The murder of Cole Cannon was a heinous one indeed. He was robbed; they took his baseball card collection and three-hundred dollars from his wallet. He was beaten; the criminals attacked the poor man with a baseball bat until he laid weak and barely conscious on the floor in his own home. And after all that, they couldn’t just leave Mr. Cannon alone. As their final act, they set fire to Mr. Cannon’s trailer with him still inside. Due to his severe injuries caused by the criminals, Mr. Cannon was not able to escape. Before the fire could get to him, he died from smoke inhalation.
The Supreme Court came together on March 20, 2012, to again discuss the sentencing of Evan ...view middle of the document...
In Miller’s case, since his actions were so horrific and he did kill his neighbor, maybe life in prison without parole is best for someone like him.
There is another Supreme Court case, Jackson v. Hobbs, which was heard on the same day as Miller v. Alabama. Like Evan Miller, Kuntrell Jackson was fourteen when he was charged with capital murder, “automatically transferred to adult court based upon the underlying offense, convicted, and then sentenced to life without parole under” (Hechinger) Arkansas’s mandatory sentencing schemes, without any consideration of his age or other mitigating circumstances. Alabama runs’s the same way. However, with Jackson, the Court granted him certiorari because unlike the crime committed my Miller, Jackson was charged and convicted as an accomplice to felony murder. He did not commit the murder himself, and he was not even aware that any killing was going to be taking place.
Kuntrell Jackson should be dropped of his life without parole charges. It is unfortunate that Arkansas and Alabama have such a quick and harsh sentencing scheme that doesn’t even take the age of the criminal into consideration. With Miller it may not matter because his actions were so horrible, but for Jackson, his eighth and fourteenth amendment rights were definitely violated. “Miller and Jackson give the Supreme Court the opportunity to decide whether life without parole is unconstitutional when imposed on an individual fourteen years or younger (1) for a homicide offense, (2) as a result of a mandatory sentencing scheme, or (3) as a non-triggerman accomplice without a showing of “intent to kill.”” (Hechinger)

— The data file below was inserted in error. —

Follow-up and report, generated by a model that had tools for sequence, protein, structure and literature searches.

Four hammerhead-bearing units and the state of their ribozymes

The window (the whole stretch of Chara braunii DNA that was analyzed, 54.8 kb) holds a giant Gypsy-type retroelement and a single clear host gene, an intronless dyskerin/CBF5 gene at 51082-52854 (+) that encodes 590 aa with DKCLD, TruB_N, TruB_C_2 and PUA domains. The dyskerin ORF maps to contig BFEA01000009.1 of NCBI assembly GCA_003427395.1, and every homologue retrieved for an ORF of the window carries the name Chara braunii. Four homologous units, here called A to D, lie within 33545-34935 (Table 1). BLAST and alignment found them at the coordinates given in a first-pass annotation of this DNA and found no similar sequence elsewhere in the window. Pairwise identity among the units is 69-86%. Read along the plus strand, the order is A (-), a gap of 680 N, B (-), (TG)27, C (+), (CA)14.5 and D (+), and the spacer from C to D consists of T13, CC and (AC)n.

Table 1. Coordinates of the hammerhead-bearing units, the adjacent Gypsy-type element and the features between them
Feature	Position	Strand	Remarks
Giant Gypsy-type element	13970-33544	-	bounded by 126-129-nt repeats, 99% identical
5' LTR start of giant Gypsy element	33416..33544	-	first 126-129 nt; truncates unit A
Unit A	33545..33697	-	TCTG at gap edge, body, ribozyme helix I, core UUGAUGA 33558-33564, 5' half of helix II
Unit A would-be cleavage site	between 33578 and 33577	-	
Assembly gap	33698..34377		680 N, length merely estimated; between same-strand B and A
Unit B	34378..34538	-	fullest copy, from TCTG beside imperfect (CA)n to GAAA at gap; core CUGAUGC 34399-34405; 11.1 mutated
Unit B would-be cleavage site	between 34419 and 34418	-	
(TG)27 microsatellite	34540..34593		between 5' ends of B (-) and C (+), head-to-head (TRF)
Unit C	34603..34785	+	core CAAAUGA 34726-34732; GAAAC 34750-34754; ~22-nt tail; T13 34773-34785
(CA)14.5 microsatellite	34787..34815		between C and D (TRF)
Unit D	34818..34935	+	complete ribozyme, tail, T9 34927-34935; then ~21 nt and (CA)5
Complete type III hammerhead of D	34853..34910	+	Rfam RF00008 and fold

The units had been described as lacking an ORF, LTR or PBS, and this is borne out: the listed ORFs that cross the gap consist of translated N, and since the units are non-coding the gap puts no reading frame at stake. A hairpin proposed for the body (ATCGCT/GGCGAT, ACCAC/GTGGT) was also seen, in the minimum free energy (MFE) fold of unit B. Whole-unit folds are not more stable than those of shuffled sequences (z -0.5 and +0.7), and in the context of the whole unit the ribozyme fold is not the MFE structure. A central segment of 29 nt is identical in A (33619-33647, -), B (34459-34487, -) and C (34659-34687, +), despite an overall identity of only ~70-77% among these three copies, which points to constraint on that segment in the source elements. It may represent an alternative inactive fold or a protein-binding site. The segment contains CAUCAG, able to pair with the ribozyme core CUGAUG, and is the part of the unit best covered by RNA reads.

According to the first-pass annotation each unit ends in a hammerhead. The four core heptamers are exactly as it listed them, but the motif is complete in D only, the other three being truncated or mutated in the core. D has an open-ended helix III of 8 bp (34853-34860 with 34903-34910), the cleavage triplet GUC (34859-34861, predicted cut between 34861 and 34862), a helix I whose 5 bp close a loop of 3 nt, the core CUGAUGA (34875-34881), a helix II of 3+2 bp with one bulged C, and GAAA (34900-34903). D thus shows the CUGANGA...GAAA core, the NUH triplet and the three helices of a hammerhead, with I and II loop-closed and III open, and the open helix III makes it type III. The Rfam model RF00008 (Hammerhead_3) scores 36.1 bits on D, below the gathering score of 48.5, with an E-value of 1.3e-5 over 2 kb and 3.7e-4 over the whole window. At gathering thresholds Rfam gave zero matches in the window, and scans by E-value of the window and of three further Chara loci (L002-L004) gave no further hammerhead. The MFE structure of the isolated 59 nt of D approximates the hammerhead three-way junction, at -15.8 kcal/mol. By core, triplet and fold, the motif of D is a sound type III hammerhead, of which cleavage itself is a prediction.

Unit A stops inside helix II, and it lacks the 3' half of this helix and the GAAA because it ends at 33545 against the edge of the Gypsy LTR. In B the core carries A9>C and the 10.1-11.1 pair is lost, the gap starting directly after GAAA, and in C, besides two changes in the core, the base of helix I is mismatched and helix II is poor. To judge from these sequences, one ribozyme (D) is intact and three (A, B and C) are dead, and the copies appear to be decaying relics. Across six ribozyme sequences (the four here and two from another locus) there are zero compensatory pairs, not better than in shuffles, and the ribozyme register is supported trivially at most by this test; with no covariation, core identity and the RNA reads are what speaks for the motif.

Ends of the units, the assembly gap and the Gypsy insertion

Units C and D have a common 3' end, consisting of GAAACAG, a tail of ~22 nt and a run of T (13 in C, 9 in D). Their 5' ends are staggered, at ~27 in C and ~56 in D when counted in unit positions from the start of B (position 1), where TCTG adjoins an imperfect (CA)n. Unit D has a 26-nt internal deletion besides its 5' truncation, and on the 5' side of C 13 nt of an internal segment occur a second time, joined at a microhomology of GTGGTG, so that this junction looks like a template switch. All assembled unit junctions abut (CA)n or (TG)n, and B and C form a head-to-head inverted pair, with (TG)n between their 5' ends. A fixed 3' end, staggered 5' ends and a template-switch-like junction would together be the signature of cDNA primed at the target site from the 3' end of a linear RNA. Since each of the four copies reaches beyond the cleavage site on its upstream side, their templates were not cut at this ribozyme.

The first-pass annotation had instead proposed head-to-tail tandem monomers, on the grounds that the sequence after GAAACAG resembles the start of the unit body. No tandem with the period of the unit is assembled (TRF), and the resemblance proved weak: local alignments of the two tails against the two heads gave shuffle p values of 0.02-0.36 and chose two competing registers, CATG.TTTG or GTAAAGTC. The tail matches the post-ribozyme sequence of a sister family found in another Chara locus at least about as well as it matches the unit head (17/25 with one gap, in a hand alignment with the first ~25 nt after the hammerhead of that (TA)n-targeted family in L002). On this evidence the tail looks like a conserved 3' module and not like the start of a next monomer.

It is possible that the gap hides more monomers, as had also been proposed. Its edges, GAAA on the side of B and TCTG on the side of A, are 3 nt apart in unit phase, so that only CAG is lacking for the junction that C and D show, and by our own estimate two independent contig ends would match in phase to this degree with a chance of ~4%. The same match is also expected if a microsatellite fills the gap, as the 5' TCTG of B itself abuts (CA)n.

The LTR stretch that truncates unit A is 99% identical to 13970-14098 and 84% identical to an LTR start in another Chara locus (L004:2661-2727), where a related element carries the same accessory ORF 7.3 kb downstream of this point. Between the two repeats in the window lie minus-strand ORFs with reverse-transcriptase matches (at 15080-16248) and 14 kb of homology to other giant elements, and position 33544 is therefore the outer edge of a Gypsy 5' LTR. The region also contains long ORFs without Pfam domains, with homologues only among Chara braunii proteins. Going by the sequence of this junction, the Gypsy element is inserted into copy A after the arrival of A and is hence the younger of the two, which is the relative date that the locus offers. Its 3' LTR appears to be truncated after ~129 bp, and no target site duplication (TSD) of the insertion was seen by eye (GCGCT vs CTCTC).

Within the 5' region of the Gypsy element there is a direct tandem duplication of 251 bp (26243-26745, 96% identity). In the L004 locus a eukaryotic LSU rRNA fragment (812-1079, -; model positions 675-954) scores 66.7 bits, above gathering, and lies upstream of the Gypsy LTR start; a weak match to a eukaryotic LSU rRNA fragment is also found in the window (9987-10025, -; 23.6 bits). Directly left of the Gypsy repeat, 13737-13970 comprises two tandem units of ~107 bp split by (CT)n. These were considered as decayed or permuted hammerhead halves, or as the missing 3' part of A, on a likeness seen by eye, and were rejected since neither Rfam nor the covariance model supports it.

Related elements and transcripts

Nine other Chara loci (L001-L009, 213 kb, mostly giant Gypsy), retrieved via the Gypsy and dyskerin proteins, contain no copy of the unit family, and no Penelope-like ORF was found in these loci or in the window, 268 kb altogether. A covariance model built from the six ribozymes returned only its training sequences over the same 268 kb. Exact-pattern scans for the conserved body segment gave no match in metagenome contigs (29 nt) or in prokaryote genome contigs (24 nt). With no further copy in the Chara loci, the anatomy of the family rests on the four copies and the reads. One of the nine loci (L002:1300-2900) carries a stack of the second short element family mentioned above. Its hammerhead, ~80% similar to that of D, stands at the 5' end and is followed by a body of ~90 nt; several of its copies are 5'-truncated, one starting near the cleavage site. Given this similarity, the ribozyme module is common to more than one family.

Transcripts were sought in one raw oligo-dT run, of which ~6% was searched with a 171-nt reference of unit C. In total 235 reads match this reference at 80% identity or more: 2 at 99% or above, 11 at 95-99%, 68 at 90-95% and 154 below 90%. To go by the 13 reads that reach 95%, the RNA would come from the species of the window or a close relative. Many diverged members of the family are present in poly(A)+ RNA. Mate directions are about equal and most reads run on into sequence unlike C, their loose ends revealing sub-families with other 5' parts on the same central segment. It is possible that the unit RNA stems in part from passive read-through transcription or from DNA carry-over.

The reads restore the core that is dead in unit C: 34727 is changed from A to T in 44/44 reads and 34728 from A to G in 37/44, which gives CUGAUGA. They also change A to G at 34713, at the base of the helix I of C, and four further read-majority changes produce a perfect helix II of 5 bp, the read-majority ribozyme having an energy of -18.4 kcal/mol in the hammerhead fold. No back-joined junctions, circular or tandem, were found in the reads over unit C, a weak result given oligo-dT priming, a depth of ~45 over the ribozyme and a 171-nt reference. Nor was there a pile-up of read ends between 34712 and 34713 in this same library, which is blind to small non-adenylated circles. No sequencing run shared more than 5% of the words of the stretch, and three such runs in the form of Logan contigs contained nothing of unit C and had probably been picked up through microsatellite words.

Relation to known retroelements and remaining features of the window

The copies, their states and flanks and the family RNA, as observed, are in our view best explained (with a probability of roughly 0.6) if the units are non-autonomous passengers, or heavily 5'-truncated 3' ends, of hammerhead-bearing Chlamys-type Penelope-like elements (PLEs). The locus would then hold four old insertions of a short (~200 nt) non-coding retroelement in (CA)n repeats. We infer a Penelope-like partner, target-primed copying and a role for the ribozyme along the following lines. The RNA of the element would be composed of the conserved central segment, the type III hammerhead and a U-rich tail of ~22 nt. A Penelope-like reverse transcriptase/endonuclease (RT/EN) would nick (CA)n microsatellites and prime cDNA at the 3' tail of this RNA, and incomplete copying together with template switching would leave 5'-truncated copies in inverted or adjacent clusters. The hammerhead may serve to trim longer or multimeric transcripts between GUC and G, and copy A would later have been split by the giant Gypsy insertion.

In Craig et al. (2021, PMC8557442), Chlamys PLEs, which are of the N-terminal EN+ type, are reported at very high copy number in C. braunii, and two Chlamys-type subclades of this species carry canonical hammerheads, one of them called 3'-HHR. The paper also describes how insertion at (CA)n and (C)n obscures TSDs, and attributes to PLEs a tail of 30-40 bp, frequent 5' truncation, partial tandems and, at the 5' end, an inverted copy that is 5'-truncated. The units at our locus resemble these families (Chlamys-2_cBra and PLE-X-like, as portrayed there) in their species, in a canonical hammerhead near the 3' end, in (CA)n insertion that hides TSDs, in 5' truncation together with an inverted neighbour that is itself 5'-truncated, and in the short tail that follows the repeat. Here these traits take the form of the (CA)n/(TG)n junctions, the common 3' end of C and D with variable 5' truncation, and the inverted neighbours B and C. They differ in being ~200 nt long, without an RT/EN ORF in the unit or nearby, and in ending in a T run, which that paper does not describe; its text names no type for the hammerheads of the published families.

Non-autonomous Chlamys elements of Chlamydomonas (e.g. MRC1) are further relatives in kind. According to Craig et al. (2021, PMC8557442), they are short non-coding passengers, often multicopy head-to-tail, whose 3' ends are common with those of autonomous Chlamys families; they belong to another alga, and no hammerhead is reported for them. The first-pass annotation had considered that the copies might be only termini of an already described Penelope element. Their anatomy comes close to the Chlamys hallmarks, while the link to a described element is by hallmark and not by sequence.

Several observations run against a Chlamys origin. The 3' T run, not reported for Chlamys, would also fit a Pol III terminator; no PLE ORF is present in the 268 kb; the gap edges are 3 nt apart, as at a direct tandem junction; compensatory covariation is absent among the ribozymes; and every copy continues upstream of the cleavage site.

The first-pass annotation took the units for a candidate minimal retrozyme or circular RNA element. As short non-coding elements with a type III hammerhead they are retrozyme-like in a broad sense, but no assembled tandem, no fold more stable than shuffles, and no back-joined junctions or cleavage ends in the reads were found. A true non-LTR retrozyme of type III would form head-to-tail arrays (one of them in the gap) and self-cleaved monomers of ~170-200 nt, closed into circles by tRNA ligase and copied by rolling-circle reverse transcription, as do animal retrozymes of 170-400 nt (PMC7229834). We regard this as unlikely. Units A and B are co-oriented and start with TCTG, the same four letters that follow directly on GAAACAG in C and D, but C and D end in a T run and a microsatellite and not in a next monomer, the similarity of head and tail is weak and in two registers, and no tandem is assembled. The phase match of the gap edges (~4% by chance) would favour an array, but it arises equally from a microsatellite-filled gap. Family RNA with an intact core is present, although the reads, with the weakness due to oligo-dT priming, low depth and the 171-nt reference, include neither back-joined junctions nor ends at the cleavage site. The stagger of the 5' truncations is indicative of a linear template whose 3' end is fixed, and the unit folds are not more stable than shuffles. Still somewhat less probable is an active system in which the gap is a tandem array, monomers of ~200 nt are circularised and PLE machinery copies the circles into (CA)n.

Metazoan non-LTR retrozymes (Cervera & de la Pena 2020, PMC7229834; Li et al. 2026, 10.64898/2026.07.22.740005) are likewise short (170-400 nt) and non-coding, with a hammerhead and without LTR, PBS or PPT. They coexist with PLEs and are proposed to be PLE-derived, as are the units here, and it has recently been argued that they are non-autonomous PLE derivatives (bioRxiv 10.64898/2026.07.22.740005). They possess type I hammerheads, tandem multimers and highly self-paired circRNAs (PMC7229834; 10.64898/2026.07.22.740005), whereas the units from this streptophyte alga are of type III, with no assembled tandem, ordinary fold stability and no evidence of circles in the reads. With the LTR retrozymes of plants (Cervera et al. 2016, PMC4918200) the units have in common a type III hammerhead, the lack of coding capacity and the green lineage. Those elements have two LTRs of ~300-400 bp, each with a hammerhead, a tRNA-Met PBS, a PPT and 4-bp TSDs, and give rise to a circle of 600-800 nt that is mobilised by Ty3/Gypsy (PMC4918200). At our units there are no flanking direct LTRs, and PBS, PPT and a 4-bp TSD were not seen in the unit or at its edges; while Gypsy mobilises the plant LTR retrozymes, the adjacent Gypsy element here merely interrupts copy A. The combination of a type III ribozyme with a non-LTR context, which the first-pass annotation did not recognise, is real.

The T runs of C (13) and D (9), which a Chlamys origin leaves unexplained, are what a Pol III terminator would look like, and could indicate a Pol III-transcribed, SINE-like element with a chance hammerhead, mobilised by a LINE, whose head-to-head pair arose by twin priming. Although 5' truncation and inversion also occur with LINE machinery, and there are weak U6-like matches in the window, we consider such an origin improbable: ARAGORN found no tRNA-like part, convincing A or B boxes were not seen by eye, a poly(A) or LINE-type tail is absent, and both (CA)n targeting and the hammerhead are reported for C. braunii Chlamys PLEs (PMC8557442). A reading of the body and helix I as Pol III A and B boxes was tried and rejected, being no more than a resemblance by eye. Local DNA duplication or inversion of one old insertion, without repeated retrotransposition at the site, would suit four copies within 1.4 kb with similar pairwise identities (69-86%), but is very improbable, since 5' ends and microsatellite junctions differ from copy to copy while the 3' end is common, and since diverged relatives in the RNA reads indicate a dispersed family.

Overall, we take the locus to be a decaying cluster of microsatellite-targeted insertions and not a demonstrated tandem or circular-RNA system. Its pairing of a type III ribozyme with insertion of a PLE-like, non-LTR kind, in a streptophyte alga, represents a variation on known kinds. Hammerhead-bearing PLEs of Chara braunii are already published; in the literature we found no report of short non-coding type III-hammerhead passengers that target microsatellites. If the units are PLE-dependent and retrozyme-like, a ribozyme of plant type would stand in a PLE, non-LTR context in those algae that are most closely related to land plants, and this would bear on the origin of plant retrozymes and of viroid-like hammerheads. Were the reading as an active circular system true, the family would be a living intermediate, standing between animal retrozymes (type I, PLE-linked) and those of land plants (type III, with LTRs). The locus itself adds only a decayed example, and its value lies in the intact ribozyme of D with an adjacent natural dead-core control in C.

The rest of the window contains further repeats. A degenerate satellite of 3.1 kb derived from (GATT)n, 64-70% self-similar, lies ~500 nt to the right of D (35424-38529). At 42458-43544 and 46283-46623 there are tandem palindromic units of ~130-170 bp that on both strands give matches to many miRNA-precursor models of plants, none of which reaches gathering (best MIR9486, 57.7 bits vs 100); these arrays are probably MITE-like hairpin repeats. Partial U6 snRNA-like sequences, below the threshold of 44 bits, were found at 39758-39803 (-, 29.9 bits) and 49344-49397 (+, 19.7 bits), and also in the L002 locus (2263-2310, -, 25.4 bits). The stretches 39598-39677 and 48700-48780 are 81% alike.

Not all juvenile cases are brought to the Supreme Court. In California, the Court of Appeal declared a life with the possibility of parole sentence to be unconstitutional. The court believed the sentence to be cruel and unusual punishment for a sixteen year old. “Victor Mendez did not commit a homicide or inflict bodily injury but was sentenced to 84-years- to-life in prison, a sentence that meant he would have no real opportunity for release. Relying on the recent US Supreme Court Case, Graham v. Florida, the California court found that the lengthy sentence did not give him “some meaningful opportunity to obtain release based on demonstrated maturity and rehabilitation.”” (“Recent Court Cases”)
In the Supreme Court case, Graham v. Florida, Terrance Graham was seventeen years old when he pleaded guilty to armed burglary with assault or battery, and attempted armed robbery. While on probation for his crime, Graham committed a home invasion robbery and other offenses. These additional acts not only violated his probation, but they sentenced him to life without parole.
The Supreme Court relied on the previous decision in the Roper v. Simmons case when determining Graham’s sentencing to be unconstitutional. The decision in Roper v. Simmons banned the death penalty for juveniles, “finding that psychological and scientific...